I was alone in the cell, when I heard a low chuckling laugh. In an
instant I turned and faced them, and felt that I was degraded forever.

“Believe me, dear lady,” continued Tuptim, growing more and more
eloquent as she became still more earnest in her recital. “I was
guilty, it is true, when I fled from my gracious master, the king, but
I never even contemplated the sin of which I am accused by those men. I
knew that I was innocent, and I begged them to let me leave the temple,
and hide myself anywhere, telling them that P’hra Bâlât did not know
who I was, or that I was a woman; but they only laughed and jeered at
me. I fell on my knees at their feet, and implored them, entreated
them in the name of all that is holy and sacred, to keep my secret and
let me go; but they only laughed and jeered at me the more; they would
not be merciful,”–here the poor girl gasped as if for breath, while
two large tears coursed down her cheeks,–“and then I defied them, and
I still defy them,” she added, shaking her manacled hands at them.

The two priests looked at the girl unmoved, chewing their betel all
the while; the judges listened in silence, with an air of amused
incredulity, as to a fairy-tale. She continued:–

“Just then P’hra Bâlât and his other disciples returned from their
morning ablutions. I crawled to his feet, and told him that I was
Tuptim. He started back and recoiled to the end of the cell, as if the
very earth had quaked beneath him, leaving me prostrate and overwhelmed
with horror at what I had done. In a moment afterwards he came back to
me, and, while weeping bitterly himself, begged me that I would cry
no more. But the sight of his tears, and the grief in my heart, made
me feel as if I were being swallowed up in a great black abyss, and I
could not help crying more and more. Then he tried to soothe me, and
said, ‘Alas! Tuptim, thou hast committed a great sin. But fear not. We
are innocent; and for the sake of the great love thou hast shown to
me, I am ready to suffer even unto death for thee.’ This is the whole
truth. Indeed, indeed, it is!”

“Well, well!” said P’hayaprome Baree Rak, “you have told your story
beautifully, but nobody believes you. How will you tell us who shaved
off your hair and your eyebrows, and brought you that priest’s dress
you had on yesterday?”

The simple grandeur of that fragile child, as she folded her chained
hands across her bosom, as if to still its tumultuous heaving, and
replied, “I will not!” defies all description.

I had drawn quite near to Tuptim when she began her simple narrative,
and was so much absorbed in attention to what she said, and in
admiration of the fearlessness as well as of the beauty and majesty of
that little figure, that I had remained rooted to the spot, standing
there mechanically, and hardly noting what was going on around me. But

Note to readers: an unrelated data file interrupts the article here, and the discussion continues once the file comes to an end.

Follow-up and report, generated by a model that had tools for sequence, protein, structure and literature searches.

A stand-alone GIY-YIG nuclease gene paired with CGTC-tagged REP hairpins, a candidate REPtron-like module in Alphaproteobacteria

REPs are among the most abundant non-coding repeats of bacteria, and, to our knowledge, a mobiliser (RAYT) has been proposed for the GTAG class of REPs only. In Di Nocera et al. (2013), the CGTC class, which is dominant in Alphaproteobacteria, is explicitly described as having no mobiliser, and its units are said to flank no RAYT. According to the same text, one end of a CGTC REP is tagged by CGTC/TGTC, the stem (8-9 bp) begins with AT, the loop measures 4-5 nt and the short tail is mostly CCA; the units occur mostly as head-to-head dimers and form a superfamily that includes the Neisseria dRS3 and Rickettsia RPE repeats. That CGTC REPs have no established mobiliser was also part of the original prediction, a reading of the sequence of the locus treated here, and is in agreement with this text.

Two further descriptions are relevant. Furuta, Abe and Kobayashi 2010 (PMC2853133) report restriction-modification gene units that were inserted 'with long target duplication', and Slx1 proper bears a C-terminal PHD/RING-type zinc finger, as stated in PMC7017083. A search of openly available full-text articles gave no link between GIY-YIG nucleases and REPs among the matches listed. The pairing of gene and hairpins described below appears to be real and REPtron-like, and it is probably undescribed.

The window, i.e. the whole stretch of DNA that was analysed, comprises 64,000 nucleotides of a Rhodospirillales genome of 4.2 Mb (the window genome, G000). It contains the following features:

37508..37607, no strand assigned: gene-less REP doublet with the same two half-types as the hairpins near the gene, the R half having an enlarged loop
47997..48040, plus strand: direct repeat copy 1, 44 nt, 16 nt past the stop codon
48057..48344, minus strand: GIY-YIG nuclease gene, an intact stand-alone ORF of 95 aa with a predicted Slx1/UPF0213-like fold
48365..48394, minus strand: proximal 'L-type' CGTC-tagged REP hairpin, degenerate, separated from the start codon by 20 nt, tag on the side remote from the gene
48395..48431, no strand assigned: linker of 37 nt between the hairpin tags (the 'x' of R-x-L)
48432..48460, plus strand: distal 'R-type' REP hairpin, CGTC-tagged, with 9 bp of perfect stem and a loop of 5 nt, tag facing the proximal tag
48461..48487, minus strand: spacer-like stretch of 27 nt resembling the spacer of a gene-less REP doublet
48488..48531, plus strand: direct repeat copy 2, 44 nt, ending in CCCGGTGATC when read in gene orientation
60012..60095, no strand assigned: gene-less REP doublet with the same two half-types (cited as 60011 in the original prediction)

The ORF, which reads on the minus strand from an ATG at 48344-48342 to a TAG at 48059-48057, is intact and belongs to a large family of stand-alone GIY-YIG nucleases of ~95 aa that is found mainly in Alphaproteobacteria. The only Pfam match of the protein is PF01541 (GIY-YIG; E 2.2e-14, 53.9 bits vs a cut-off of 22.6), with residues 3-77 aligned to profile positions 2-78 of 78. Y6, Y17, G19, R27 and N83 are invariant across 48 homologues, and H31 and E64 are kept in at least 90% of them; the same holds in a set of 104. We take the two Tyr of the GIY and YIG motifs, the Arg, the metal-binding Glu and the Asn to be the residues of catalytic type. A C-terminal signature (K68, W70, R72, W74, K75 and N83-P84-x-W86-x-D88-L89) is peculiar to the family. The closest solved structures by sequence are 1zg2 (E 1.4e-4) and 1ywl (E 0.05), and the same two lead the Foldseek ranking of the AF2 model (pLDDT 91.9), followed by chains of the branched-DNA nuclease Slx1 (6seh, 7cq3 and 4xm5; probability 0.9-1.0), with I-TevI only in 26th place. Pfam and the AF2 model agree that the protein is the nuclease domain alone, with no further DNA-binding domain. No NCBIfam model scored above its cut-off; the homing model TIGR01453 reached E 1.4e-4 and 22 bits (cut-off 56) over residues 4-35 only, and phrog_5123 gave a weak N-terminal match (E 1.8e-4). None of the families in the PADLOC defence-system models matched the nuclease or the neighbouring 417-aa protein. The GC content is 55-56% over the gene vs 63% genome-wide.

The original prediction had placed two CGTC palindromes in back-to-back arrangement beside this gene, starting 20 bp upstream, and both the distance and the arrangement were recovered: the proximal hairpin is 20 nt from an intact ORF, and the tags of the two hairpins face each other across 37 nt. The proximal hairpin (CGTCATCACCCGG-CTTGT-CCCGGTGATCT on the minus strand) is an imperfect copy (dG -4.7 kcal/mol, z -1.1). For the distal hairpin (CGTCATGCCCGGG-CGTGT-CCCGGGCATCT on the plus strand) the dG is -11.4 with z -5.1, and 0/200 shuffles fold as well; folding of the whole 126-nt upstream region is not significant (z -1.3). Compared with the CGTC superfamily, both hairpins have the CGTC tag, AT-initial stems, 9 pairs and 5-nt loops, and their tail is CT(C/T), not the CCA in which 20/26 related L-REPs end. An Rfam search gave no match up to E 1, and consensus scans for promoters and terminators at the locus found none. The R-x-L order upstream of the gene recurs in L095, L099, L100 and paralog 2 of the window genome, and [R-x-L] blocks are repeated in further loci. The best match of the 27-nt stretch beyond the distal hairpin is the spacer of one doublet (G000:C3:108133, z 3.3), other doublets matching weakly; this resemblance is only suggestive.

the effect of that reply was startling; it brought me suddenly to my
senses and to a full appreciation of the scene before me.

There was a child of barely sixteen years hurling defiance, at her
own risk and peril, at the judges who appeared as giants beside her.
To make such a reply to those executors of Siam’s cruel laws was not
only to accept death, but all the agonies of merciless torture. As her
refusal fell like a thunderbolt upon my startled ears, she seemed a
very Titan among the giants.

“Strip her, and give her thirty blows,” shouted the infuriated
P’hayaprome Baree Rak, in a voice hoarse with passion; and Khoon Thow
App looked calmly on.

Presently the crowd opened, and a litter borne by two men was brought
into the hall. On it lay the mutilated form of the priest Bâlât, who
had just undergone the torture, in order to make him confess his
guilt and that of his accomplice, Tuptim; but as the minutes of the
ecclesiastical court stated, “it had not been possible to elicit from
him even an indication that he had anything to confess.” His priestly
robes had been taken from him, and he was dressed like any ordinary
layman, except that his hair and eyebrows were closely shaven. They
laid him down beside Tuptim, hoping that the sight of her under torture
would induce him to confess.

[Illustration: A SIAMESE SLAVE-GIRL.]

The next moment Tuptim was stripped of her vest and bound to a stake,
and the executioners proceeded to obey the orders of the judge. When
the first blow descended on the girl’s bare and delicate shoulders, I
felt as if bound and lacerated myself, and losing all control over
my actions, forgetting that I was a stranger and a foreigner there,
and as powerless as the weakest of the oppressed around me, I sprang
forward, and heard my voice commanding the executioners to desist, as
they valued their lives.

The Amazons at once dropped their uplifted bamboos, and “Why so?” asked
the judge. “At least till I can plead for Tuptim before his Majesty,”
I replied. “So be it,” said the wretch; “go your way; we will wait
your return.”[5] Tuptim was unbound, and the moment she was released